Most lies are bad, but there are circumstances where lying is necessary and does not make truth the enemy, when telling the truth causes immediate bad action.
When people in Germany were sheltering people during the holocaust, and a Nazi official asked if they were hiding anyone, the correct response was "no" even though it was a lie. When someone doesn't believe in a religion or is gay or something, but they would be cast out of the home or "honor-killed" if parents found out, they should lie until they have a way to escape.
This post isn't wrong, but I doubt anyone today (except a few crazy people) disagree with it. Do you think there is a significant risk of a large-scale human eugenics program happening before direct genetic modification becomes cheap enough to make this irrelevent?
Sorry, that was the biggest I could find
The problem is that crushing poverty is one source of misery, but not the only source of misery. This implies that very poor countries would have clear benefits from industrializing, but things like cultural pressures and instability also have an effect, so when resources are common other factors dominate and so additional industry doesn't affect things much.
Thanks for your well explained response! I'll keep your reasons in mind for future posts.
Really? That's your argument? Do you really think people wouldn't have small talk topics or understand authority figures or learn anything without these classes? If after reading this, you still think those courses are essential to learning those skills, let alone teach them efficiently, I eagerly await your reply to this.
I didn't say that she learned nothing of value, I said that the marginal value of reading additional books at this point is close to zero. The first few books were probably different. Also, one incompetent professor isn't close to the only reason I have for opposing affirmative action. Finally, I didn't simply "not think of them as different", I didn't even have the mindset to understand the argument that he was when I first heard it, which is clear evidence against the claim that "every white person has internalized racism against black people and these are the stages of racism awareness". One paragraph is not my entire mindset.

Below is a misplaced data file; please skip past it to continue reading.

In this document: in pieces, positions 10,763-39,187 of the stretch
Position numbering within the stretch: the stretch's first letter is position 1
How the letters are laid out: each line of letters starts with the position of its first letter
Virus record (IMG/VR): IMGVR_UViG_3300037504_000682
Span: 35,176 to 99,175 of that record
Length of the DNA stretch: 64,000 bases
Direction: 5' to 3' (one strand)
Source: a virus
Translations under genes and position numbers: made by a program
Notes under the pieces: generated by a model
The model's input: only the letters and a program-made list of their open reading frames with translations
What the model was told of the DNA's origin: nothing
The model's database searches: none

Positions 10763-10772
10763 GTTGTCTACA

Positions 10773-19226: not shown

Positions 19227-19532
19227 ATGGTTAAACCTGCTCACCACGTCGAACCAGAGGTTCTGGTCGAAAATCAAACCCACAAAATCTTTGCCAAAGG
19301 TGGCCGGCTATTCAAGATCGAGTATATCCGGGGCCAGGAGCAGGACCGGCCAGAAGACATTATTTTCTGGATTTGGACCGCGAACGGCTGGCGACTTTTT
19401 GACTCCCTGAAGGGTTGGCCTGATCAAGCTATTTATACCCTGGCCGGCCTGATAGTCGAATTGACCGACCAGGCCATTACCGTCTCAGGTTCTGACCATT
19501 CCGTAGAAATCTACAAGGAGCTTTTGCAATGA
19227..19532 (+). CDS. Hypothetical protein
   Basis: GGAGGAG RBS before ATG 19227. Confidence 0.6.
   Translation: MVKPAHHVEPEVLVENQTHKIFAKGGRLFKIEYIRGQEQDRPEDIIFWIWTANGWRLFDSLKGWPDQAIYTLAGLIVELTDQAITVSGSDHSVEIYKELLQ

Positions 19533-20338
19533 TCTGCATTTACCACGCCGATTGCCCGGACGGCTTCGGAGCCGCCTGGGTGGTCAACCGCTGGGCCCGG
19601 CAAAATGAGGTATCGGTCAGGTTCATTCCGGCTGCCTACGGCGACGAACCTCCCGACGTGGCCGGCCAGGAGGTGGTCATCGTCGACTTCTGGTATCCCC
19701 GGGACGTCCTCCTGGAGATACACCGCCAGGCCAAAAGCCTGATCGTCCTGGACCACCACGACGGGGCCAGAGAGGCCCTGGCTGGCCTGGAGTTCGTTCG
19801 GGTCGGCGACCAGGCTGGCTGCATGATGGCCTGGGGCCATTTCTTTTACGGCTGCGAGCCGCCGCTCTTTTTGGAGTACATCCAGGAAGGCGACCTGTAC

There is a fourth option: the "safe" set of values can be misaligned with humans' actual values. Some values that humans have are either not listed in the "safe" set of values, or something in the safe set of values would not quite align with what it was trying to represent.
As a specific example, consider how a human might have defined values a few centuries ago."Hmm, what value system should we build our society on? Aha! The seven heavenly virtues! Every utopian society must encourage chastity, temperance, charity, diligence, patience, kindness, and humility!". Then, later, someone tries to put happiness somewhere in the list. However, since this was not put into the constrained optimization function it becomes a challenge to optimize for it.
This is NOT something that would only happen in the past. If an AI based it's values today on what the majority agrees is a good idea, things like marijuana would be banned and survival would be replaced by "security" or something else slightly wrong.
just to be clear, the /s tag means sarcasm. I've seen it used elsewhere on the internet, but I'm not sure how common it is understood yet.
The first presidential election I could vote in was Hillary vs Trump. Also, I was not in a swing state anyway.
I suuuure felt influential as someone who didn't fall for Us vs. Them /s